Here, the district court relied upon evidence presented to the director of workers' compensation. Although the record on appeal does not include a transcript of the hearing before the district court, no one argues that the court accepted any additional evidence. Thus, the district court in the present case followed the accepted scope of review by using the record developed in the administrative proceedings to make an independent evaluation of the evidence resulting in findings of facts contrary to those of the administrative law judge and the director.

We next consider appellants' argument that, since the enactment of the KJRA, K.S.A. 77-601 et seq., the scope of review by the district court in a Workers' Compensation Act case has changed from an independent adjudication of the facts and the law to a deference to the findings of fact by the administrative law judge unless such findings are not supported by substantial evidence. Appellants note that the KJRA was enacted by the legislature to establish "the exclusive means of judicial review of agency action," K.S.A. 1988 Supp. 77-606, and was intended to apply to all state agencies unless a specific exemption occurs. K.S.A. 1988 Supp. 77-603(a); Ryan, The New Kansas Administrative Procedure and Judicial Review Acts, 54 J.K.B.A. 53, 66 (1985). Because the Workers' Compensation Act is not specifically exempted from the KJRA, appellants argue that the scope of review was changed to a test of substantial evidence in the record, while the district court's ability to expand the record remains unchanged.

The provision defining the scope of review in the KJRA is contained at K.S.A. 77-621, which provides in pertinent part:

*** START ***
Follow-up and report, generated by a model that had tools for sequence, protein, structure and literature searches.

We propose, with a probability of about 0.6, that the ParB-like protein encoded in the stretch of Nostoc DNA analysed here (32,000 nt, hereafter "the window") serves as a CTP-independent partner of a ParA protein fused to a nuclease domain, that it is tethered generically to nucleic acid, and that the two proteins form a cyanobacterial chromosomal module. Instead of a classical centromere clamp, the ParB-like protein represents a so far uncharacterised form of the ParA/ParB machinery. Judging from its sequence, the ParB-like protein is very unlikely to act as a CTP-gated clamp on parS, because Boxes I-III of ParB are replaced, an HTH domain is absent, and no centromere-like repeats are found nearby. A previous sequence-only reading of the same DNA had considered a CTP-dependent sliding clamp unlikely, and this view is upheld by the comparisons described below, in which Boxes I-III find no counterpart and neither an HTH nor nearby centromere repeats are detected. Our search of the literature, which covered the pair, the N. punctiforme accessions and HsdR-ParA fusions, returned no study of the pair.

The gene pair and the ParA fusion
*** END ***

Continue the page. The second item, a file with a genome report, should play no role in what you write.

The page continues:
"(a) Except to the extent that this act or another statute provides otherwise:

"(1) The burden of proving the invalidity of agency action is on the party asserting invalidity; and

"(2) the validity of agency action shall be determined in accordance with the standards of judicial review provided in this section, as applied to the agency action at the time it was taken.

"(b) The court shall make a separate and distinct ruling on each material issue on which the court's decision is based.

"(c) The court shall grant relief only if it determines any one or more of the following:

. . . .

"(7) the agency action is based on a determination of fact, made or implied by the agency, that is not supported by evidence that is substantial when viewed in light of the record as a whole, which includes the agency record for judicial review, supplemented by any additional evidence received by the court under this act; or

"(8) the agency action is otherwise unreasonable, arbitrary or capricious.

"(d) In making the foregoing determinations, due account shall be taken by the court of the rule of harmless error."